6 (with the help of a runtime dynamic optimization system) to remap such frequently communicating places to physically closer nodes, while taking load balancing into consideration. A key goal in the design of distributed parallel systems and software is locality, i.e., the minimization of communication between remote nodes. By making the programmer aware of the cost of remote communication, through the use of explicit language constructs for remote accesses, the X10 design is well-suited to future-generation processor implementations where inter-node communication and synchronization are expected to be significantly slower and more expensive compared to intra-node communication and synchronization. 3.2 Support for Heterogeneous Computing With an ultra light-weight VM implementation that ensures code portability across heterogeneous platforms, and the ability to define new simple data types and operations as value classes (following the example of Kava[2]), X10 can directly execute special hardware operations (e.g. graphics functions) natively on the platforms that have the proper native hardware, while using efficient JIT compilation on other machines that do not have the native hardware. Thus, an X10 place and its activities can be mapped to heterogeneous physical nodes, taking advantage of the native hardware features of each node, while retaining portability of code across the heterogeneous platforms. Heterogeneous hardware configurations that can benefit from the X10 programming model include specialized coprocessors in a system on-a-chip environment that are not memory coherent, PIM-like multithreaded processors capable of tolerating high DRAM latencies, and dedicated storage and I/O processors which are close to the disks and to each other but are far from the main computation processors. 3.3 Implementing Fast Communication X10 s remote activity-spawning constructs may be supported very efficiently by high speed/highly pipelinable messaging hardware, and/or in software, for communicationintensive applications. A remote activity invocation from place i to place j can be achieved by sending a work queue item (a message) from i to j containing the starting address of the activity to spawn as a new activity on j, along with the parameters to be used by the new activity. The message is inserted in a single work queue in j in the order the messages are sent from i to j. The new activity at j will cease when an end-of-activity primitive is executed, returning a result if the activity was a future. For the case of a future, j must send a return message with the return value. i will in turn dequeue items from the future work queue and wake up the light-weight threads in i that may be waiting for the future result to arrive. An important class of X10 applications can be transformed by compiler techniques into long running activities in each place, which communicate by fine grain, data flow style sendreceive primitives. High performance synchronized sendreceive communication hardware can be used to implement such applications. 3.4 Achieving ILP and Thread-level Parallelism in a Single Place A key obstacle to achieving strong scalability in current applications is that it is hard to uncover multiple levels of parallelism in an MPI programming model based on domain decomposition. Future systems that require way parallelism will exhibit poor performance on current MPI applications that can only over way useful parallelism (say), even after scaling up the data size. Also, since the original MPI algorithm is often fine-tuned to minimize inter-task communication, if one were able to break up the original MPI tasks one could also expose unusually high communication needs among the new parallel sub-tasks, thus requiring an architecture paradigm outside of the slow message passing infrastructure normally connecting processors/memories. A second obstacle to achieving strong scalability is Amdahl s law. For example, if the original program spent, say, 0.1% of its time in unparallelized code, this would limit performance to only 1000X, even if the remaining 99.9% of the program took zero time. There is therefore a potential benefit in fine-grain parallelization of serial sections and MPI tasks in general. X10 can offer a solution for increasing instruction-level and thread level parallelism within a place. At the lower levels of the parallelism hierarchy, within a single place, X10 offers explicit parallelism constructs of the form: future T x = future(p){b} A; T y = x.force(); which specifies that B and A have no dependences (except for any atomic sections in them) and can be executed in parallel. Assume that the place P is known to be the same place as the current one i.e., P = here. To implement this construct, an SMT architecture may start executing the new activity body B with an independent program counter and also continue the current activity with A. An SMP architecture may spawn the new activity B on a currently idle processor, and continue the current activity with A. In a statically scheduled architecture such as a VLIW[6] or EPIC[5] machine, or in the semi-statically scheduled TRIPS architecture[19], the compiler may snip off the dependence edges going from B to A in its conservatively constructed dependence graph, and schedule operations as usual. For a scalable superscalar architecture with a wide issue window [8], the compiler may insert a special instruction just before A that forces instructions in A not to depend on instructions in B, but to possibly depend on instructions that precede future{b}. The explicit parallelism constructs are very useful for achieving aggressive, uninhibited parallel execution, which would not always be possible through automatic parallelization, since the latter would need to (1) automatically group the original code into B and A and (2) prove the independence of B and A, at compile time. Higher level X10 parallelism constructs (such as parallel loops) can be expressed as multiple invocations of simpler primitives that spawn a single activity, so the observations here can be generalized to higher level constructs as well. 3.5 Implementing Synchronization Efficiently Sometimes one would like to write a consumer operation without having to guarantee that the producer operation is executed first. An individual cell in a mesh computation where the cell expects inputs from some of its sides, and produces outputs at its remaining sides, is a typical example, where one would like to write the code for the behavior of the cell, without knowing if the cell inputs have already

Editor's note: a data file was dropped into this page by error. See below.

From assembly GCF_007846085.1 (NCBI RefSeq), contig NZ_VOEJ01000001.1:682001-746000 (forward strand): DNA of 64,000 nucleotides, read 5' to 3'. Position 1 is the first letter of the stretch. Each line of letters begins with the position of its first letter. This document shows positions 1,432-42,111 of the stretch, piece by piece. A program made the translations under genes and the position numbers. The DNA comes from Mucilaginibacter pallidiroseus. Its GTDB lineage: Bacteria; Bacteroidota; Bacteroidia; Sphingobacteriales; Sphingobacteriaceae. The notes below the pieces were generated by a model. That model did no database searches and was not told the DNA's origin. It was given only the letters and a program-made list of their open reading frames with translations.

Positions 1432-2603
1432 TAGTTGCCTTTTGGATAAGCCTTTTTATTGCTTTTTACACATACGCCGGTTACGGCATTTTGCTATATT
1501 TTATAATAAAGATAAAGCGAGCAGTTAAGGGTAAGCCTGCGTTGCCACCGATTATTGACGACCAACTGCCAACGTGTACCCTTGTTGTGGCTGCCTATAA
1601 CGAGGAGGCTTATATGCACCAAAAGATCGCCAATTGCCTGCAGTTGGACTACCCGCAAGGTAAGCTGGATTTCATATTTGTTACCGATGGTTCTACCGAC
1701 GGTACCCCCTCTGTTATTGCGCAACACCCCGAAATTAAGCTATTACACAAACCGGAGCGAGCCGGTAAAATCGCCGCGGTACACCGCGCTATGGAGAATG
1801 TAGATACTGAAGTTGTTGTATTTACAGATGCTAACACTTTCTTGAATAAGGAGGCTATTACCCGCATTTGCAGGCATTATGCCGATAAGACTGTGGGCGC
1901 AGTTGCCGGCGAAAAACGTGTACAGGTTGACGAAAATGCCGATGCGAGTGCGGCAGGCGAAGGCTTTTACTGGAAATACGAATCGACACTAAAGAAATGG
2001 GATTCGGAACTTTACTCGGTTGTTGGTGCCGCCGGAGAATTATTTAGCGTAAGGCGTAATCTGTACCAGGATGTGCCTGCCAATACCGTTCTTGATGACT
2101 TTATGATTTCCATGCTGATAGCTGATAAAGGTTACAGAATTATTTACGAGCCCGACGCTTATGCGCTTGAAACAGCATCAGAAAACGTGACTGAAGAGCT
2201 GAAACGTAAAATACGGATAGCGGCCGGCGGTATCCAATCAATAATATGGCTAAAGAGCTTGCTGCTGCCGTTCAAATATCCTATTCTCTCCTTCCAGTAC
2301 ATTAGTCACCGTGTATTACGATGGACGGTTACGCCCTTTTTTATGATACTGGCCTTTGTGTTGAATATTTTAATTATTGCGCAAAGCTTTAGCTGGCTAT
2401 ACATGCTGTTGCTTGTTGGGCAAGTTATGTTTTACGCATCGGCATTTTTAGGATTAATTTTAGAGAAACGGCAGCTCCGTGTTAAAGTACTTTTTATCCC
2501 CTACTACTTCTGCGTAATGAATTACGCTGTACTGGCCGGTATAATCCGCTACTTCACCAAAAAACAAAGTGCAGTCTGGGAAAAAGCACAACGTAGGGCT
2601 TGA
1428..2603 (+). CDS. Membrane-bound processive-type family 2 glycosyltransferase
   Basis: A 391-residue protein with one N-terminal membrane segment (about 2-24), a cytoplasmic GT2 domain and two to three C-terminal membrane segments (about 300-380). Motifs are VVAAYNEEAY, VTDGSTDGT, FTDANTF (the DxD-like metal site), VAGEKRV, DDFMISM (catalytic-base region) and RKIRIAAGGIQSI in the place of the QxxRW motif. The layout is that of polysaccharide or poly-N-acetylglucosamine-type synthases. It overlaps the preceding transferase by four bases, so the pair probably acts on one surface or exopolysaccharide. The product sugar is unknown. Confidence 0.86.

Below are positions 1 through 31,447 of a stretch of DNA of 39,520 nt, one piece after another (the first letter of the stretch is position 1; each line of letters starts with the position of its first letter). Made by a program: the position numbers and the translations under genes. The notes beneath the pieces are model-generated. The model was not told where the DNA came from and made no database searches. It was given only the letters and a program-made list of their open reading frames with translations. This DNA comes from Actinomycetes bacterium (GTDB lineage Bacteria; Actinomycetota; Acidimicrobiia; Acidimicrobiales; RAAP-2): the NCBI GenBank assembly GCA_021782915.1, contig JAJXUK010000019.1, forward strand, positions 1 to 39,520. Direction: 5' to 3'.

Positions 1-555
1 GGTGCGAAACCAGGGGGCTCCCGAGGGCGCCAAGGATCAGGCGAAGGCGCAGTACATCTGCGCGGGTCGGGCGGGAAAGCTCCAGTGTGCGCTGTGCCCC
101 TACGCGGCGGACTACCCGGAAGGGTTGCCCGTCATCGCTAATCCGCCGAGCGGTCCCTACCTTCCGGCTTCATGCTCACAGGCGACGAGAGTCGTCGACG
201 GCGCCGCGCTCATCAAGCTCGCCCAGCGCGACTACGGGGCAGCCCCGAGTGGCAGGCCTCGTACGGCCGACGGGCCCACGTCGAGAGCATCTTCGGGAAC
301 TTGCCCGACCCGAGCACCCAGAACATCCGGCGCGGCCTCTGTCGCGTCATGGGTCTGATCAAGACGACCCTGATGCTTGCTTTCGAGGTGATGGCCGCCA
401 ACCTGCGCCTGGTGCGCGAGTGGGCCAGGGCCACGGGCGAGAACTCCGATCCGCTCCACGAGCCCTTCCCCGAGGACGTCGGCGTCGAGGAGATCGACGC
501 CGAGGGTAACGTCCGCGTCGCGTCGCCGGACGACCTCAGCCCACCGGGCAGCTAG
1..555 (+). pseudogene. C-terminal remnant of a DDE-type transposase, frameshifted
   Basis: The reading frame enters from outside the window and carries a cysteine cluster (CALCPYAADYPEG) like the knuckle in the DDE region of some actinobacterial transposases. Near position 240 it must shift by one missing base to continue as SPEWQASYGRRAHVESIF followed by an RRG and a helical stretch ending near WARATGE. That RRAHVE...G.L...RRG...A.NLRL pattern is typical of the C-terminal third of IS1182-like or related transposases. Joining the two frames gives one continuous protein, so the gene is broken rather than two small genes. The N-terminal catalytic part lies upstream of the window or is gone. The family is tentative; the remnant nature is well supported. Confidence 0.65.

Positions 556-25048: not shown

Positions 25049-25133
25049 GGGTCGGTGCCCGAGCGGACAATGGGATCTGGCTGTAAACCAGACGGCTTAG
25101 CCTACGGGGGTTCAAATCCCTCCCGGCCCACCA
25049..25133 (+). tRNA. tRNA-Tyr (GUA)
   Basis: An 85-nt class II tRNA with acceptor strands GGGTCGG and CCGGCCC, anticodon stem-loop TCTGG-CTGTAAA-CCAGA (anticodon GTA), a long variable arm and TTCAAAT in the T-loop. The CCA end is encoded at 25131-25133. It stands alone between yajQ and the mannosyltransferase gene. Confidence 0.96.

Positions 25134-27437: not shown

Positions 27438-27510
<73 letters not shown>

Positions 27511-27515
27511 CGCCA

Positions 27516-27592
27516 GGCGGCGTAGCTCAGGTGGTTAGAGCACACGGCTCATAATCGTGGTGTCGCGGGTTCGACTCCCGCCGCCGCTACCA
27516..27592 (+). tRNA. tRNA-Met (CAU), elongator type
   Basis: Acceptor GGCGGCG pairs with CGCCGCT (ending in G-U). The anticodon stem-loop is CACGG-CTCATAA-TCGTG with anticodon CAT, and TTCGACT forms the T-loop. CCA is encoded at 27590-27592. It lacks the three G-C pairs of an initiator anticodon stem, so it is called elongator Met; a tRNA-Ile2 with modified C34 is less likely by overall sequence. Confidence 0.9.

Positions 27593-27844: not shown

7 been computed or not. For example, a data flow buffer implemented with a conditional atomic section as well as data structures built using future s are all suitable for efficiently expressing this kind of producer-consumer synchronization in X10. The implementation techniques range from hardware-supported global P/V semaphores to software simulated I-structures (involving a ready bit, a value and a waiting threads queue for each future datum). I-structures were previously used in data flow machines. Techniques such as thread-level speculation [24] may be used to efficiently implement atomic sections, with hardware support. This approach maintains speculatively written bits in cache lines written during the execution of an atomic code fragment, and either rolls back by discarding the cache line when a data race is detected, or commits by removing the speculative state from the cache line. Other hardware/software approaches to atomic sections have recently been described in [10, 1]. Classical barrier network hardware (a simple AND gate) can be used to implement a barrier when the compiler can statically establish the set of activities that will participate in a clock synchronization. The general case is implemented through a global counting semaphore. Combining networks could be used (as in the RP3 parallel computer, [17]) to update counting semaphores efficiently, in order to prevent the semaphores from becoming high-contention hot-spots. Overall, we believe that X10 will fit today s distributed architectures (as well as their enhanced future versions) well. It has the potential to provide high degrees of cluster level, thread level, and instruction level parallelism. However, there are still many challenges in implementing atomic sections, fast asynchronous thread spawning, fast transmission of results, and fast activity group synchronization in a scalable manner. 4. COMPILER OPTIMIZATIONS The compiler plays a crucial role in X10 s productivity goals. State-of-the-art parallelizing compiler techniques can in many cases transform an X10 program that provides a high level specification of what should be done, to a more efficient program (perhaps another X10 program), that describes how it should be done. Figure 3 shows an example of such a transformation. Version 1 of the code describes a parallel array copy operation (between arrays with unequal distributions) at a high level; this X10 program (albeit inefficient if implemented literally) is clear and easy to code and understand. Version 3 of the code (which can also be derived from version 1 by a state-of-the-art compiler) describes a more efficient form of array copying, which aggregates messages, and minimizes the total number of internode communication events. Version 3 is also a clear and easily comprehensible code fragment, thanks to the very high level parallelization constructs in X10. However, for achieving productivity goals, such as reducing the time for obtaining the first correct parallel program with reasonable performance, or facilitating the rapid teaching of X10 to a group of non-expert programmers, it is important to provide state-of-the-art compiler techniques among the productivity arsenal for X10, that can perform code transformations as in Figure 3 automatically. Note that the best production-level performance most probably will still be achieved by manual optimization of a parallel algorithm, and we have striven to make this manual optimization process as productive as possible for X10, by design. In the present section, we will describe a subset of state-ofthe-art compiler techniques applicable to X10. Due to space limitations, we outline two main classes of optimizations inter-place optimizations, and optimization of clocks and atomic sections. In addition, we briefly discuss the benefits that accrue to compiler optimization from X10 s strong typing and single-assignment (functional) programming features. There are several more opportunities for optimization of X10 programs that are beyond the scope of this paper e.g., optimization of value classes, optimization of data distributions and redistributions, optimization of streams and arrays, intra-place optimizations, and runtime optimizations 4.1 Inter-place optimizations The X10 programming model supports the notion of a global address space distributed across places. A single place is assumed to map to a data-coherent hardware unit of a large scale parallel system, such as a Symmetric Multi- Processor (SMP) chip or a single processor core with support for thread-level and instruction-level parallelism. In contrast, some degree of software support is necessary to support a consistency model for data accesses across places. In this section, we outline important optimizations for X10 programs that use multiple places. One of the strengths of X10 is that it can be used as a single language that supports multiple programming paradigms. Table 1 highlights the range of programming paradigms that can be followed when using multiple places in X10, and the important optimizations that need to be performed in each case. Many of these optimizations have been developed in past work on specific programming paradigms, and can be leveraged for X10 as well. The most convenient mechanism for inter-place interactions in X10 is through fine-grained asynchronous operations, which include asynchronous statements (one-way messages) and asynchronous expressions (futures). While this capability can aid programmer productivity, typical hardware support for inter-place interactions is better suited to fewer large-grained communications than many fine-grained communications. It is therefore very important to provide compiler optimizations for aggregation of async operations. The basic rule for aggregation is that two dynamic async operations can be combined if they have the same source and destination places, and if program dependences do not require that some other intervening statement be performed between the two operations. There are two special cases of aggregation that are important to exploit for X10: 1. Loop-level aggregation in this case a single foreach or for loop is strip-mined/tiled so as to ensure that each tile executes in the same place, and all instances of the same async operation in a tile have the same destination. In the absence of additional program dependence constraints, it should then be possible to combine all instances of that async operation within the tile into a single coarse-grained async operation. As described above, Figure 3 shows three equivalent versions of a simple Array Copy example, where versions 2 and 3 are obtained by performing loop-level aggregation on version Object-level aggregation in this case, certain object reference fields are analyzed as being local i.e., the